Tips For Grooming EvergreenBoxer Long Hair For the more fashionable owners of Boxers, grooming your dogs can become an integral part of your daily routine. In order to groom your pet in the best manner possible, you will have to learn how to cut your dogs fur. This allows you to take control over its appearance and allows you to make it look even more appealing for the next show.
Clean the Coat
If evergreen coat is dirty and smelly, the odor can be difficult to remove. Clean the coat with a detergent for animals sold in pet stores or diluted baby shampoo. Leave the cleaning product on the coat for at least five minutes to allow it to penetrate into the skin. Then rinse thoroughly with water or use a special conditioner that will help keep the evergreen boxer's coat bright and soft.
Brush your dog daily. This will not only make it look good, but also cleanse your hair of debris, dead hair, and skin flakes. The natural oils secreted by the skin will be distributed throughout the coat, making it shiny and healthy-looking.
Cut your dog's nails regularly to avoid injury during walks.
If your dog has long hair on its paws and legs, trim them regularly so they don't get stuck in branches or between rocks while walking or running.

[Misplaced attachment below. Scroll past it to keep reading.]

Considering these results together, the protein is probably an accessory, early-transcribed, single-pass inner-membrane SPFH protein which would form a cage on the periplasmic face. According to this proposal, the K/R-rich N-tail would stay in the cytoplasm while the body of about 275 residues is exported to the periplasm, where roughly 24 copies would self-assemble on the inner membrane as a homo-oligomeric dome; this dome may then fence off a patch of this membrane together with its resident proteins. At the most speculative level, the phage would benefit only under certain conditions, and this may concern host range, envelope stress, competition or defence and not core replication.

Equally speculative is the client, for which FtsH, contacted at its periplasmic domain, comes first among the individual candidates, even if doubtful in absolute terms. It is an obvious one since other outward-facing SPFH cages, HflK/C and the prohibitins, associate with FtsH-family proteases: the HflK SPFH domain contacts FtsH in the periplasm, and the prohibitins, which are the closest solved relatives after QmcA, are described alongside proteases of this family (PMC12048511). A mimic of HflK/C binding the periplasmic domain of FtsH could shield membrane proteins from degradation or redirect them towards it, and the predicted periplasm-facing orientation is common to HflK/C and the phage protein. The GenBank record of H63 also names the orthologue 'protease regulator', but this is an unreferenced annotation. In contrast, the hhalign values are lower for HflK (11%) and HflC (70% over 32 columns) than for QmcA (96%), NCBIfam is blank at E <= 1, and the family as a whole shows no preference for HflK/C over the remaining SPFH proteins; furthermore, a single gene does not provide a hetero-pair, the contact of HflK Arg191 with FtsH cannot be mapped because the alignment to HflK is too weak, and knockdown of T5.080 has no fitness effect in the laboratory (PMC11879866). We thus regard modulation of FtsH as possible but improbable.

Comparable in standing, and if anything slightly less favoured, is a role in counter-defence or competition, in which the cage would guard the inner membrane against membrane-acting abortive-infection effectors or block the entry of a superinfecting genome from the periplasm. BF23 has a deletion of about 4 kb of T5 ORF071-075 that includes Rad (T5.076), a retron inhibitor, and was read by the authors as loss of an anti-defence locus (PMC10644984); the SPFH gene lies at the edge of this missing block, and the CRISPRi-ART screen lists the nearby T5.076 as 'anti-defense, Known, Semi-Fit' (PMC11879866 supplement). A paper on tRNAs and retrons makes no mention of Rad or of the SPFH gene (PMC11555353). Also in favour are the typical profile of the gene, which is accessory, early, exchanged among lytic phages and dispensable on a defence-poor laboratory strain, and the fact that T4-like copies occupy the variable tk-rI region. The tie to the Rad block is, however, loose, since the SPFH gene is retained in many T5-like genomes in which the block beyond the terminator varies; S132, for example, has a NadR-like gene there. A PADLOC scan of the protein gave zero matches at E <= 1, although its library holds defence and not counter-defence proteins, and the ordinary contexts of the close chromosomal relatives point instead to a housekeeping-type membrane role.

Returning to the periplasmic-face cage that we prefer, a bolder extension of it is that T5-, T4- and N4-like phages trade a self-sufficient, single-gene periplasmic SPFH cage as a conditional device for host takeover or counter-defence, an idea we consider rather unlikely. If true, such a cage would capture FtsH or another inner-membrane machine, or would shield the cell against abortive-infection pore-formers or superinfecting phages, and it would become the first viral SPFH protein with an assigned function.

Watch out for parasites such as fleas and ticks (especially if you often walk in forests), as they can cause serious illness in dogs.
Brush Your Boxer's Long Hair
Brushing regularly is one of the most important parts of grooming long haired Boxers. It helps to prevent painful mats and tangles in the hair and also distributes natural skin oils throughout the coat, keeping it healthy and shiny.
Brushing also keeps your dog's coat free of dirt and debris, and if you do it outside, it'll help keep your house cleaner too!
Use a soft bristle brush or a pin brush on yourBoxer's coat. Brush in the direction that the hair grows, starting at the back of the neck and working toward the hips. Brush gently but firmly so that you're removing any loose or dead hairs from the coat. Don't use a slicker brush for this process, as it can pull out too much hair at once and some dogs are uncomfortable with them.
You should brush your dog every day to keep his coat tangle-free and clean and you can use a mat comb to gently work through any mats or tangles that may form. If you notice any knots in your dog's hair, work them out with an appropriate comb before they become larger tangles.
Trim Your Boxer's Long Hair
Boxer owners who choose to grow their pup's hair out into a "long coat" need to provide special attention, care and grooming. Boxer long hair is generally more of a genetic anomaly than a deliberate breeding practice, so most boxers are still born with short, smooth coats. However, some do inherit the genes for having longer fur.
Long-coated boxers should have their hair trimmed on a regular basis. Long hair is harder for dogs to keep clean and untangled, and it can grow so long that it becomes uncomfortable for your dog or even gets in the way of him doing his business.